Ion Mobility is breaking away from how traditional motorbike makers earn income. “We’re not interested in one-off revenues,” he adds, keeping the details under wraps for the time being.

“We’re not running a ride-hailing platform,” Chan hints. He notes that incumbents are aligning and sharing margins with financiers, distributors, dealers, and aftersales networks, making it a formidable ecosystem to go up against.

And unlike Gogoro, an e-scooter startup from Taiwan (full list of industry players here), Ion Mobility doesn’t believe in the battery-swapping model, which lets users replace empty power packs with fresh ones either at home or at a petrol kiosk.

Yes, this approach lets users get to 100% power in a jiffy as opposed to waiting three hours. But the cost and effort of maintaining a battery-swapping network, let alone designing and committing to a power pack and the swapping interface, isn’t worth it.

“Swapping has not been able to scale,” Chang observes.

Photo credit: Ion Mobility

On the other hand, relying on the ubiquitous wall socket allows Ion Mobility to stay lean. The company is finalizing its pre-series A funding round and has only relied on money from its founders so far.

While launching a hardware product is expensive, Chan says that the team has reduced the upfront capital needed to go to market through its expertise, experiences, and supply chain relationships.

“Without raising a series A, we’ll be able to launch the bike, which I think is unheard of in this region,” he adds.

Fending off copycats

With the long list of e-motorbike players and how two-wheelers are less complex than four-wheelers, the market may become overcrowded fast.

Chan disagrees. “I don’t think any successful product is easy to copy. If I extend the same logic, one could assert that mobile phones are easier to copy than laptops, which is not necessarily true,” he adds.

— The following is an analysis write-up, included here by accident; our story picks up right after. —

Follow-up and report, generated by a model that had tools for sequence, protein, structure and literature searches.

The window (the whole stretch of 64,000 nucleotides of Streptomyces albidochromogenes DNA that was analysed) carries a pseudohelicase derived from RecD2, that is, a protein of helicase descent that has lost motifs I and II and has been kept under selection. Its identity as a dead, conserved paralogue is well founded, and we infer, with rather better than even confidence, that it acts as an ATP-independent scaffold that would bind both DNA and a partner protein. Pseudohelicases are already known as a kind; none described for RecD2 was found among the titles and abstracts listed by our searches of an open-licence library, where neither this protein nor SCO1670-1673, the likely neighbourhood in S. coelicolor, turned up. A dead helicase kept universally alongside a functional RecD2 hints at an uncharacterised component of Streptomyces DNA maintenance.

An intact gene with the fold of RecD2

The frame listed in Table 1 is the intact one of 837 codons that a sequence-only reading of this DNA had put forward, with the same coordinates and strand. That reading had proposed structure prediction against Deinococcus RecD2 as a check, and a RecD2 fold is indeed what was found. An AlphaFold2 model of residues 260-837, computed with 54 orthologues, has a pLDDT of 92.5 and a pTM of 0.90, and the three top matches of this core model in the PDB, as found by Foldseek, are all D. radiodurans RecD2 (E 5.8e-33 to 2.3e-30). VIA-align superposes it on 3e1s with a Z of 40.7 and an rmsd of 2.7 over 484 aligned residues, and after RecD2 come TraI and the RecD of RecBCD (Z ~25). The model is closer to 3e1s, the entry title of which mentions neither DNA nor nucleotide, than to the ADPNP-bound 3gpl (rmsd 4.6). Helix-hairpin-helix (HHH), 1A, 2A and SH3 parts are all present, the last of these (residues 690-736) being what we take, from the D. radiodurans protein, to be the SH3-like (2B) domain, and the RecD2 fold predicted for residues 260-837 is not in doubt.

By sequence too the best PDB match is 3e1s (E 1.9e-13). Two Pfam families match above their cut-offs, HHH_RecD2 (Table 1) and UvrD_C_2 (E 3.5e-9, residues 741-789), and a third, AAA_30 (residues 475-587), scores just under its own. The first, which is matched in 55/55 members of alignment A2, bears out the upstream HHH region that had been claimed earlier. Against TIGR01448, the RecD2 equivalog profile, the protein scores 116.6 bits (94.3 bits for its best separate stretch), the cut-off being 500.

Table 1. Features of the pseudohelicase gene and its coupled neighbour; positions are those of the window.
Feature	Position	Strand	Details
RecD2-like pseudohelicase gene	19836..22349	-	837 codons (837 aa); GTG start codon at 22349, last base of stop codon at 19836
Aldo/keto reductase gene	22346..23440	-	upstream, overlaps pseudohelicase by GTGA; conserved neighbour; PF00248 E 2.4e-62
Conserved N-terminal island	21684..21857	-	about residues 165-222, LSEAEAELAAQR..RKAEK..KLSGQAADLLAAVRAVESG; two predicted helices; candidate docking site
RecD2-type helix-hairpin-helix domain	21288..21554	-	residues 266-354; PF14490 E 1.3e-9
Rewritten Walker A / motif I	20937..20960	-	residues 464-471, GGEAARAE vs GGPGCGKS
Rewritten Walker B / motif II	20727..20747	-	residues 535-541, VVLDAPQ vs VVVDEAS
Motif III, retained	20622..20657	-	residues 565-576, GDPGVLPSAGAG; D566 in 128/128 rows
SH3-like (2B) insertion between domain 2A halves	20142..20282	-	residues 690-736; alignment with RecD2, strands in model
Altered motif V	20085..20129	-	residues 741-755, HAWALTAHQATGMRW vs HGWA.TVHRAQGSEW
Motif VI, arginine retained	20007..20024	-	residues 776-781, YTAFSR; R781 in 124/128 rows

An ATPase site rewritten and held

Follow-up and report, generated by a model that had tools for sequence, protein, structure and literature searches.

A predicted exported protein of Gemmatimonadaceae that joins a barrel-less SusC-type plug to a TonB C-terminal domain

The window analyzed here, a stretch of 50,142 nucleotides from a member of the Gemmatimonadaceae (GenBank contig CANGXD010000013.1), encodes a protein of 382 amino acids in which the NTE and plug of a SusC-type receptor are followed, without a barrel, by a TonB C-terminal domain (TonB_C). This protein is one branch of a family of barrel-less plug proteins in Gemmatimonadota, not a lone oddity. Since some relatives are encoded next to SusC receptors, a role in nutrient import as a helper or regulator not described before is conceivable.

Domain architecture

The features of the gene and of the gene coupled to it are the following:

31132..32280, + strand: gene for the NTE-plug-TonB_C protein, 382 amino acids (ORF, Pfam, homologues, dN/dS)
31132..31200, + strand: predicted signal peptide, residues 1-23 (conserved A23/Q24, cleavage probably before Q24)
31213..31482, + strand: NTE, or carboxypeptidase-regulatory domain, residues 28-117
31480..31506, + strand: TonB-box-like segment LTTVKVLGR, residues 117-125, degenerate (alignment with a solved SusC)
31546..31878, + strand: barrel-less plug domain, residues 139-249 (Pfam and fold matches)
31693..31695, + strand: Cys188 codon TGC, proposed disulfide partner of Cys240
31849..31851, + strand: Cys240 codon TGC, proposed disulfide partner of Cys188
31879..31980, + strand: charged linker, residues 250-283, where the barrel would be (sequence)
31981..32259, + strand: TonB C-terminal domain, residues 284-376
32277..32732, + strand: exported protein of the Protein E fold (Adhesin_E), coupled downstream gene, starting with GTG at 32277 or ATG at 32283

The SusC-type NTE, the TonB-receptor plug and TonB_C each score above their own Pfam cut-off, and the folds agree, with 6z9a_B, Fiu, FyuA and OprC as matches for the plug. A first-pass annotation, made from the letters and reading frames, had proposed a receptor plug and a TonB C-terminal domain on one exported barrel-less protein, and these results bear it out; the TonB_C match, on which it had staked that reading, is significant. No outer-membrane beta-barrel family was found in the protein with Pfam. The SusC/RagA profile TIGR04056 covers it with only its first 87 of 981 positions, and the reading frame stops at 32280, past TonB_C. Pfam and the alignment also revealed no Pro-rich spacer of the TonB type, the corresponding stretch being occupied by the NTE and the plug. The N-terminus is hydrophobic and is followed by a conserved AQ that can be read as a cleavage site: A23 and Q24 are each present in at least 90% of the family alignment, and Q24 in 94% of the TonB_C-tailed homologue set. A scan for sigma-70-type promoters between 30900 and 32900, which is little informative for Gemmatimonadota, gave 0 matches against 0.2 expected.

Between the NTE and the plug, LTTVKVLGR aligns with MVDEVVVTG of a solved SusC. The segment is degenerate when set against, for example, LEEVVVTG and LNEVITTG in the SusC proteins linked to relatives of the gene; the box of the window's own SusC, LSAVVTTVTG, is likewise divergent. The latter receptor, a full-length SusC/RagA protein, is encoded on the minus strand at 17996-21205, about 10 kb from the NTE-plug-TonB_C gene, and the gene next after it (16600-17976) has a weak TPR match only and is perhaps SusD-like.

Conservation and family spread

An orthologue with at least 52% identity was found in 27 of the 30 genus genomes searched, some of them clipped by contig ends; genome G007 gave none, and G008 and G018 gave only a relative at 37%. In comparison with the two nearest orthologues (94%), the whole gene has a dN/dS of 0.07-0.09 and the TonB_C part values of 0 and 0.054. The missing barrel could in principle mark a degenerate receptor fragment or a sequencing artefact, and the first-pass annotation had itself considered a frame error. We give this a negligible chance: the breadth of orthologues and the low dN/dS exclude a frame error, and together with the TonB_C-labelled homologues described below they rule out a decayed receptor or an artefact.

Designing a motorbike also has more constraints when compared to a car due to the lower surface and volume.

Photo credit: Ion Mobility

And besides, even if Ion Mobility’s design is copied, it can build a moat out of the operational complexity of running supply chain, revenue, and distribution models that makes sense. A solid brand is hard to replicate too.

These factors explain why Tesla has kept the lead despite an onslaught of competition from incumbent car-makers.

Preventing deaths

The hope is that clean private transportation can lower the world’s carbon footprint. In vehicles that run on fossil fuels, the engine serves as a power generator, converting fuel into electricity. For electric vehicles, power generation starts and ends at the power plant – making the process more efficient due to the economies of scale, Chang says.

Indeed, studies have shown that in their entire life cycle, electric vehicles often emit less greenhouse gases compared to gasoline or diesel counterparts.

However, if electric vehicles get their power supply from “dirty” sources like coal, they could add to pollution instead of curbing it.

So while electric vehicles are a key part of the equation, their environmental impact will only be maximized when they’re plugged into a clean power grid.

Photo credit: Artem Beliaikin

And yet, if mass adoption of electric bikes leads to less smog on the street level, that counts as a win – vehicle exhausts have been linked to a whole host of health problems. Air pollution causes 7 million premature deaths each year, the World Health Organization estimates.

“We’re not going to be able to change the world overnight,” Chan says. “Even Elon Musk had to go through a bunch of iterations.”